Calabria Food Travel
Located in southern Italy in the ‘toe’ of Italy’s boot is Calabria, a sunny and mountainous region with great beaches dotting a coastline hundreds of miles long. Separated from Sicily by the narrow Strait of Messina and bounded by the Ionian and Tyrrhenian Seas, the region enjoys beautiful blue waters and a love for water sports. Capo Vaticano is the most famous sandy beach in the region and considered one of the top one hundred beaches in the world.
On the west coast is Calabria’s largest city, Reggio Calabria. Directly across from Sicily and the port of Messina, the city features the Museo Nazionale della Magna Grecia which holds the Riace Bronzes, an archaeological treasure of two full size bronze statues of Greek warriors found in the sea near Racia in 1972, which date to the 5th century BC.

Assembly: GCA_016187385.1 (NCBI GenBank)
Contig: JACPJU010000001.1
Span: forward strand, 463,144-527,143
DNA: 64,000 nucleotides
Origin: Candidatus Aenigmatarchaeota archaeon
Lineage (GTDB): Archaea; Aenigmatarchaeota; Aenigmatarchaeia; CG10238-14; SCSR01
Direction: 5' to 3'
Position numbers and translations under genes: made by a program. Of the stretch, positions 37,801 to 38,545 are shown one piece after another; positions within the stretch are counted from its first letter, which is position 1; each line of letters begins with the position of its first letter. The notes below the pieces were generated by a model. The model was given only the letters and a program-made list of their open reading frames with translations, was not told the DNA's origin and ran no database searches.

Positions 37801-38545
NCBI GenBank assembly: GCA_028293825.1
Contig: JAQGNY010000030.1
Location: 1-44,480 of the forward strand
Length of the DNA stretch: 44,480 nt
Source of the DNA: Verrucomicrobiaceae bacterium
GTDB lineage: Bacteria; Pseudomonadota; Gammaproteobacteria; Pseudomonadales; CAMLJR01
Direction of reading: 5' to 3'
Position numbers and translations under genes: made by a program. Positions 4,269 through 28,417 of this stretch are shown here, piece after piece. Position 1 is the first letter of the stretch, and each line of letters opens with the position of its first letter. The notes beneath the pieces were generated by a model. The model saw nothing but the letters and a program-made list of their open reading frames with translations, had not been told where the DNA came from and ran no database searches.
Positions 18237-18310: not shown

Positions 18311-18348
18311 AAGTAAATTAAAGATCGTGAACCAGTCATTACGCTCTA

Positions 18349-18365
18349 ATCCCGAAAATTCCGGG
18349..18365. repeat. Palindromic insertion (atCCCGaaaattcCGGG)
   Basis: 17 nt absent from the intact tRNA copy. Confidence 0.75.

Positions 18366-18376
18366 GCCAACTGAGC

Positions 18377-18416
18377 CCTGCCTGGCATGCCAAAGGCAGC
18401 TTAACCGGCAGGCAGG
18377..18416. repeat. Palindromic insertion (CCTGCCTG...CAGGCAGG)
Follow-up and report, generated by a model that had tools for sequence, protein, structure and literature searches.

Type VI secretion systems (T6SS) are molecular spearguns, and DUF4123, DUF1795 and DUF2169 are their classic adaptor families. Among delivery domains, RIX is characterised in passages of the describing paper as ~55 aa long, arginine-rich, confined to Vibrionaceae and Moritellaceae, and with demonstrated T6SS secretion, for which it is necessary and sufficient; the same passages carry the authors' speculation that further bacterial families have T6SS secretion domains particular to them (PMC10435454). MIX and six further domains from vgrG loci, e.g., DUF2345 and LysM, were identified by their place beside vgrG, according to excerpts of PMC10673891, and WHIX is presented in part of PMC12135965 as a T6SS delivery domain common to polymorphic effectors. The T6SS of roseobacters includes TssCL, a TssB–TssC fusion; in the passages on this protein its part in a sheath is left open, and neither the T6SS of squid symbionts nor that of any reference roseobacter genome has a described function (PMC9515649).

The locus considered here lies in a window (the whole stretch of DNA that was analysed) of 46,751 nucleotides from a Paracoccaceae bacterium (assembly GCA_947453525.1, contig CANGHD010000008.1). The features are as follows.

Inland there are a number of national parks where ski resorts, some open year round with artificially produced snow, and other winter sports are enjoyed. In the summer hiking, rafting, and canoeing are popular activities.
The most famous food item identified with Calabria is the Calabrian hot red chili pepper or pepperoncino, which is celebrated every year at the Diamante Pepperoncino food festival. This strong and spicy flavored pepper is found in just about every typical regional dish including Nduja sausage dishes, pasta, and many fish dishes.
The pepper is used with the sweet red onions of Tropea for a tasty contrast of flavors. Calabria also produces olive oil, citron, honey, and the traditional pasta Fileja, a twisted hollow pasta that pairs well with the heavy and spicy sauces.
About ninety percent of the wine produced in Calabria is red. The best known red is Cirò which carries a DOC appellation. Greco di Bianco is a sweet white wine made by drying the grapes prior to pressing. The result of the process is a sweet and strong wine with an alcohol content of at least seventeen percent.
What to Eat in Calabria
Calabria Restaurants & Travel Tips